COOL APP: Lazy Droid

Have an Android device and a Wi-Fi network at home? Then I’ve got something nifty for you! It’s called LazyDroid, and it gives you access to much of your phone from your desktop computer!

How does it work? Click the LazyDroid link in the last paragraph from your Android device (or just search for it on the Android Market). Install the “server” software on your device and start it up. You will be given the IP address and port number you need to access your phone. So you then go back to your desktop computer and enter that IP and port into the address bar… and you’ll see this:

lazy-droid-desktop
(click to embiggen)

From here, you can do all sorts of nifty things. “FileManager” is a Windows Explorer-type file manager that allows you do upload, download, delete or rename files on your device’s internal storage or SD card. “SMS” lets you read or send text messages from your phone via your desktop. “Contacts” lets you add, remove or edit any contacts on the phone. “Camera’ lets you take pictures from your desktop. “Clipboard” adds a needed cut-and-paste feature to the OS. And “Sensors” lets you muck around with the GPS and accelerometer settings of your phone. What’s more LazyDroid offers pop-ups for events like SMS messages and phone calls. If you have LazyDroid running on your phone and a Bluetooth headset when you receive a phone call, LazyDroid will pop a message up with the caller information so you can decide whether to answer or not. Similar capability exists for text messages, making LazyDroid a kind of convoluted instant messaging client.

LazyDroid is pretty nifty, although I’m not sure how often I’d use it. I don’t think I’d want it running all the time, so if I’m upstairs on the computer and the phone is downstairs, I’d have to go downstairs to enable LazyDroid server on the phone… so why not just use the phone, eh?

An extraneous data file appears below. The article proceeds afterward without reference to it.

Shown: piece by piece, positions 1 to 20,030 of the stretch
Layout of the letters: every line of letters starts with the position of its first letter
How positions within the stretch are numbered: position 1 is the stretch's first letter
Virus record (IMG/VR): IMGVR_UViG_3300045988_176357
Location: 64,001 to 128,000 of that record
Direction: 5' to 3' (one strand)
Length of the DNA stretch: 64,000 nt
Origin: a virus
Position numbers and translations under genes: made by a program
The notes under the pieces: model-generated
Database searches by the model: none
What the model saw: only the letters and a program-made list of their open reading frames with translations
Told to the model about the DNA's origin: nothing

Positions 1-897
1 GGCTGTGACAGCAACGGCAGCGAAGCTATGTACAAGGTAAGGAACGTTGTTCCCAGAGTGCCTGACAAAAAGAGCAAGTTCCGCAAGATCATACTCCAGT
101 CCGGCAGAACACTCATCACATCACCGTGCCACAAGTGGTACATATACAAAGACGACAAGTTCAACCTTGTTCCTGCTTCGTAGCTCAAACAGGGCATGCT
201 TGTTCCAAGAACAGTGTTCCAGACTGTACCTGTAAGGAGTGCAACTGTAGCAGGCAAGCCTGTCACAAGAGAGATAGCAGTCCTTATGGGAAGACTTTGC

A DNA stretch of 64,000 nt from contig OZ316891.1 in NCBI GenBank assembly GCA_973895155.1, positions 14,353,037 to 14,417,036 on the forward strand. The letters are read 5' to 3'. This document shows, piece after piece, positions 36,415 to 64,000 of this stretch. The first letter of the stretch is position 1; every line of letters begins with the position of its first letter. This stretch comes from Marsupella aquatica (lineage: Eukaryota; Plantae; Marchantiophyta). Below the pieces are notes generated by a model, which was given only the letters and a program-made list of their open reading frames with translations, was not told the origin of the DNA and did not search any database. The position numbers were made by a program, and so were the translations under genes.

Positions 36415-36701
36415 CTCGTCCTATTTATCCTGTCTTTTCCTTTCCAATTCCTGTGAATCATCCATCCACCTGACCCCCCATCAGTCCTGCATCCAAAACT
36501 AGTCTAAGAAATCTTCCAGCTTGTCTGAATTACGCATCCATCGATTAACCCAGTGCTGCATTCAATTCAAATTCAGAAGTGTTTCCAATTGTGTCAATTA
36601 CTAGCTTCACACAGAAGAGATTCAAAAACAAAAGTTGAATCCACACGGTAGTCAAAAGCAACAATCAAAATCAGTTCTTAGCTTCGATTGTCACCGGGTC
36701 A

The worst part is that LazyDroid only seems to work with Internet Explorer. I tried it with Firefox 4.0.1 and the “desktop” and each of the apps loaded, but no data appeared on the screen. I guess having LazyDroid is better than not having LazyDroid, but with it being IE-only I’m really not sure how often I’ll use it!

Lastly, I didn’t mention it, but you can configure LazyDroid to use a specific port (and well as require a username and password) in the “Settings: section of the phone.

 

3 Replies to “COOL APP: Lazy Droid”

  1. Hi and thanks for your post about LazyDroid!!!

    I want to inform you that LazyDroid works perfectly with Mozilla Firefox and Google Chrome while Internet Explorer isn’t ufficially supported because we use some html5 features that doesn’t work on it.

    If it didn’t it’s for a bug or for a cache problem 🙂

  2. Well, like I said, anytime I opened an applet in FF 4, the applet would open, but no data would appear. For example, File Explorer would open, but I would only get an “hourglass”. I once waited 15 minutes for any data to appear, but it never did. OTOH, it worked perfectly for me in IE 9.

  3. Hi, i want to test it on an android system installed in a hyper-v system. but with such systems you have no access to the market. exists an altenative link?
    thx in advance.

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